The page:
>
> www.Can-Adapt.com
>
>
>
> *  Adapting the web to all users*
>
> *            Including those with disabilities*
>
>
>
> If you are not the intended recipient, please review our privacy policy
> <http://www.davidmacd.com/disclaimer.html>
>
>
>
> On Fri, Mar 27, 2015 at 12:19 PM, James Nurthen <james.nurthen@oracle.com>
> wrote:
>
> not Jonathan but I think we are talking about things like
>
> #myid:before
> {
> content:url('http://www.w3.org/2008/site/images/logo-w3c-screen-lg');
> }
>
> Regards,
> James
>
>
>
> On 3/27/2015 9:01 AM, David MacDonald wrote:
>
>  Hi Jonathan
>
> I'm just throwing up some examples now... When you speak of "inline CSS
> images", are you speaking about a regular <img ...> tag which is positioned
> with CSS, or a CSS background image which has been positioned inline using
> CSS?
>
>
>   Cheers,
>
> David MacDonald
>
>
>
> *CanAdapt* *Solutions Inc.*
>
> Tel:  613.235.4902
>
> LinkedIn <http://www.linkedin.com/in/davidmacdonald100>
>
> www.Can-Adapt.com
>
>
>
> *  Adapting the web to all users*
>
> *            Including those with disabilities*
>
>
>
> If you are not the intended recipient, please review our privacy policy
> <http://www.davidmacd.com/disclaimer.html>
>
>
>
> On Thu, Mar 26, 2015 at 2:00 PM, Jonathan Avila <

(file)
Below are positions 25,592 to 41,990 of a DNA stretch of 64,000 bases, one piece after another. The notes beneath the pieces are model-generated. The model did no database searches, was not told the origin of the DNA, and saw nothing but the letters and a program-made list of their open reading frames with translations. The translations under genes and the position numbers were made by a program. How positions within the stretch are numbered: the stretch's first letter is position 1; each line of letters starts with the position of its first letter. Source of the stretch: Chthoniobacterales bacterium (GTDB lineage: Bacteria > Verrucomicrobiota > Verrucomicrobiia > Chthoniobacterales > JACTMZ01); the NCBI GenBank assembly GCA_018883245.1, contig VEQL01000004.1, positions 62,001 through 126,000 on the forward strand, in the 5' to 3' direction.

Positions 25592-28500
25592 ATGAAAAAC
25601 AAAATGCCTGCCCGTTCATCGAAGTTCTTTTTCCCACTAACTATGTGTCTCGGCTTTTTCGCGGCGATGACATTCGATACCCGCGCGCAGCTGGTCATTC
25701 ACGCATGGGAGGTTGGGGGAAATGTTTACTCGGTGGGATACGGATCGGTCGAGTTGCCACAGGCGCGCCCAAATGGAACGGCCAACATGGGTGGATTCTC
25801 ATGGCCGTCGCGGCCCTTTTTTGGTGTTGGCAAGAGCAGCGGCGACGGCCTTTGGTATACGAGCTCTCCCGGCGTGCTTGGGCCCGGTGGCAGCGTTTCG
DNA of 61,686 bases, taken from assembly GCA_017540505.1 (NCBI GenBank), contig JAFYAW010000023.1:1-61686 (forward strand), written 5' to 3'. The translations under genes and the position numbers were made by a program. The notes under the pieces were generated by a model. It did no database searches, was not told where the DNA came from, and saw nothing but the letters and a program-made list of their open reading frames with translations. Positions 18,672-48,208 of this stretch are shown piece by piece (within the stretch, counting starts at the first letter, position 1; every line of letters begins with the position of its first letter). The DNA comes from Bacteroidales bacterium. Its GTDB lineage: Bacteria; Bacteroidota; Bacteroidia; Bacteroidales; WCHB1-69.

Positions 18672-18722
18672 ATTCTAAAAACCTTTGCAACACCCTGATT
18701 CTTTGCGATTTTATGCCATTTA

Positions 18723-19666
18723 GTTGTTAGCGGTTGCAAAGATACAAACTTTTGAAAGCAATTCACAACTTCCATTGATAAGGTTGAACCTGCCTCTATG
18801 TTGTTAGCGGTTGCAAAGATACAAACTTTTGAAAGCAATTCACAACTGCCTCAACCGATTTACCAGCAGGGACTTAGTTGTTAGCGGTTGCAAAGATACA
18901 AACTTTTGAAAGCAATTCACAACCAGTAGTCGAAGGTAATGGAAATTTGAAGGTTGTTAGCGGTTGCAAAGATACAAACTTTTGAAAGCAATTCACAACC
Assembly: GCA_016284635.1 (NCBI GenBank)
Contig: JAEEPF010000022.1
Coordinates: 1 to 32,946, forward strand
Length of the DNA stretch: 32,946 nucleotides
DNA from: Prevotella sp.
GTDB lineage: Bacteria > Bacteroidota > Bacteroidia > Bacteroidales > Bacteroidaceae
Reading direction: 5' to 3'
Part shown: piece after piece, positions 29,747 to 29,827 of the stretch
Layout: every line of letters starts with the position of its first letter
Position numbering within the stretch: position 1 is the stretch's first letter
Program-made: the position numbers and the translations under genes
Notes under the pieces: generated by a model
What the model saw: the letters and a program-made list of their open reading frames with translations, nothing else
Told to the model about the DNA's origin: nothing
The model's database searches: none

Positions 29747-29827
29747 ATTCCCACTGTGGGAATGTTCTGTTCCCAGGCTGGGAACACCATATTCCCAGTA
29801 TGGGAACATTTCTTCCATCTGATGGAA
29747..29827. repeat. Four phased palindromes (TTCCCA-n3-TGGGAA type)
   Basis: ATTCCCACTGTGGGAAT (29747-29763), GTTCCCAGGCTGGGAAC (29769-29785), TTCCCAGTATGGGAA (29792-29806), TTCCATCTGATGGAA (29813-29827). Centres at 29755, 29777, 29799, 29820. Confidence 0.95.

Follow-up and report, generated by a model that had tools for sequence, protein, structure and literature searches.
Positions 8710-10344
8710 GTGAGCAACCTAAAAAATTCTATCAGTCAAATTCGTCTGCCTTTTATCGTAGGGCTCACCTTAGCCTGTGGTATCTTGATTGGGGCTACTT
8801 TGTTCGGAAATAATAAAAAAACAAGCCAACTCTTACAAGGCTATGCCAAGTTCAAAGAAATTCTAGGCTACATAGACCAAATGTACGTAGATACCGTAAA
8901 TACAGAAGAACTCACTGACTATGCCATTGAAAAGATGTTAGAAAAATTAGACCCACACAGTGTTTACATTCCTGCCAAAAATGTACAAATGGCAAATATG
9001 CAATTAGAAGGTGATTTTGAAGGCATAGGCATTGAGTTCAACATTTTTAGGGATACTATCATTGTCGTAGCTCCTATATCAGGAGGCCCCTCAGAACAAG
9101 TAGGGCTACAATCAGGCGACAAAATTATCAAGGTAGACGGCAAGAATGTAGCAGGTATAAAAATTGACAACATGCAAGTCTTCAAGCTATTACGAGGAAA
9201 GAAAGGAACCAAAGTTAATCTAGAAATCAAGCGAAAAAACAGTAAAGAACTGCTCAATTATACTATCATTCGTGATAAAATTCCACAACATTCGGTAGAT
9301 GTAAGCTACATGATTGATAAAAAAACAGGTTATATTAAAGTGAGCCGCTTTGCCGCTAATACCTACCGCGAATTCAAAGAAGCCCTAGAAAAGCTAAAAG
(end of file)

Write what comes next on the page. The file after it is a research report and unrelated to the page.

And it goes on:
> jon.avila@ssbbartgroup.com> wrote:
>
> Ø  Yes that is what I was referring to. I think this is a problem
> especially for low vision users - perhaps we have done a disservice to
> those users in this instance.....
>
> I would agree.  So to be clear, we are talking about two issues that
> impact users with low vision.
>
>
>
> 1.    Use of CSS background  images that convey meaning but have
> programmatic names via properties such as aria-label
>
> 2.    Use of inline CSS images that convey meaning and have programmatic
> names via properties such as aria-label.
>
>
>
> While these two issues may sounds the same – CSS images are supposed to be
> presentational and those background images are rightly removed in high
> contrast mode and when color are often turned off by the browser to improve
> reading contrast for users with low vision.  Inline images are considered
> non-presentational and thus are still displayed in these modes.
>
>
>
> So, IMO the CSS background issue is a more egregious issue while the
> aria-label on inline images is lesser because at least the inline image is
> visually available.
>
>
>
> Without any requirement for the user agent to display accessibility names
> for inline images it is problematic and raises accessibility support issues.
>
>
>
> Use of presentation images with only programmatic indicators seems to meet
> like a failure – but WCAG doesn’t seem to address this under 1.1.1 or
> 1.3.1.  Seems like an oversight.  For example, WCAG WG thought wisely in SC
> 1.4.1 to require a visual indicator of color in addition to a programmatic
> one – but this didn’t carry over to CSS background images as 1.1.1 and
> 1.3.1 only require programmatic indicators and not visual.  I think the